Vanilla gelato arrived promptly, the flecks of vanilla spotting the perfect spheres of ice cream. Rich, creamy and not too sweet, it was a welcome dessert. The staff provided clean plates throughout the meal for those with fishy fingers and the traditional basket of bread was also present.

It’s a choosy restaurant. For the fresh fish, I’d probably go. The prices vary from €13 to €30 so you get what you pay for. For pasta, meat and pizza I think I’d go elsewhere, despite the fish it can be served with; they’re extras for the non-seafood people and can be served better. Is Pepe the godfather of Letojanni? For fish lovers, I suppose so, but don’t be afraid to check out the competition nearby.

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Ciao Ciao: but with food this good, it wont be for long!

Dining at Ciao Ciao is the perfect way to relax in the cool evening sunshine of Letojanni, Sicily. The kitchen is set in a typical pastel-coloured building nestled between hotels and restaurants on the seafront but diners can cross the road to sit under a marquee on decking above the beach, looking out across the sea. Sounds idyllic, doesn’t it?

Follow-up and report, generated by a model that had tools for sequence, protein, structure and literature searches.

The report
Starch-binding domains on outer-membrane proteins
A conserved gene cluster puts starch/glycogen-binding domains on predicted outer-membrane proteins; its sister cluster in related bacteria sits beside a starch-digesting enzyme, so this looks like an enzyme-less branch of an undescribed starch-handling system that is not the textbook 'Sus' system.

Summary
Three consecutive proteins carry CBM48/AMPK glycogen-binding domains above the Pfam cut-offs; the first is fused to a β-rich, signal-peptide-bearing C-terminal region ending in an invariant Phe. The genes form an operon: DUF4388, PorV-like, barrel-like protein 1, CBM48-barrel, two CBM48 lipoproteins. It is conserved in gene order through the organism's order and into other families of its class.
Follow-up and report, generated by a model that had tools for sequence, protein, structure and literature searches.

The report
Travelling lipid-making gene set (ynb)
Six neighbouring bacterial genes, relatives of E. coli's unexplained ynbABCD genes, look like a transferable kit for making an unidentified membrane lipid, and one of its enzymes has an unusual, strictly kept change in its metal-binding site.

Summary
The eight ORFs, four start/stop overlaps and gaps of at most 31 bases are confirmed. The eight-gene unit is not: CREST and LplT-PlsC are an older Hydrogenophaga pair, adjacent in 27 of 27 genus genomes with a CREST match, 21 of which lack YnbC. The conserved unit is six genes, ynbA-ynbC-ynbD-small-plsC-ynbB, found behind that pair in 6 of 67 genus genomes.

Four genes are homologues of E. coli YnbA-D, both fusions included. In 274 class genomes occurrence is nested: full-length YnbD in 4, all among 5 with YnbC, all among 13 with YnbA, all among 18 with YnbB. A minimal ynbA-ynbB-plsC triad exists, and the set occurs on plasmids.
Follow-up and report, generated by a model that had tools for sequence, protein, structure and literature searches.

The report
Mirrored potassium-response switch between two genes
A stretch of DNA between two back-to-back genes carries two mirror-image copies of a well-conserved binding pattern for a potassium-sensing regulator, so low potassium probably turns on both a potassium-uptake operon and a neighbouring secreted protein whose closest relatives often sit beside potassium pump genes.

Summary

And what’s better is, it doesn’t go wrong. Friendly staff, who speak a good level of basic English, are delighted to help and accommodate you. Drinks were followed by a plate of antipasto; a crust of bruschetta for each guest topped with fresh diced tomatoes, herbs and a dash of olive oil. It was crunchy and refreshing at the same time, and at no charge either.

Mains were a mix of portion sizes and prices. A €6.50 calzone was like a whopping pasty, bursting with strong mozzarella cheese that oozed out of a slightly blackened but soft dough, amidst chunks of tomato and ham. Hugely filling, we couldn’t finish it between 3 of us, but worth every penny.

Spaghetti Arrabbiata, listed as a typical Sicilian dish, was sprinkled with parsley, the hot peppers and onions adding a spicy kick in the back of your throat, living up to the dish’s name. Typical of Sicily too, the portion was adequate without overdoing it.

The seafood pasta was a king prawn, still shelled, and a generous portion of mussels. For an island whose fresh fish is renowned, the mussels weren’t fantastic, though the prawn was fat and tender; good for a non-seafood-specialist restaurant. Again, extremely filling, but spotted with hunks of tomatoes and onion to add flavour.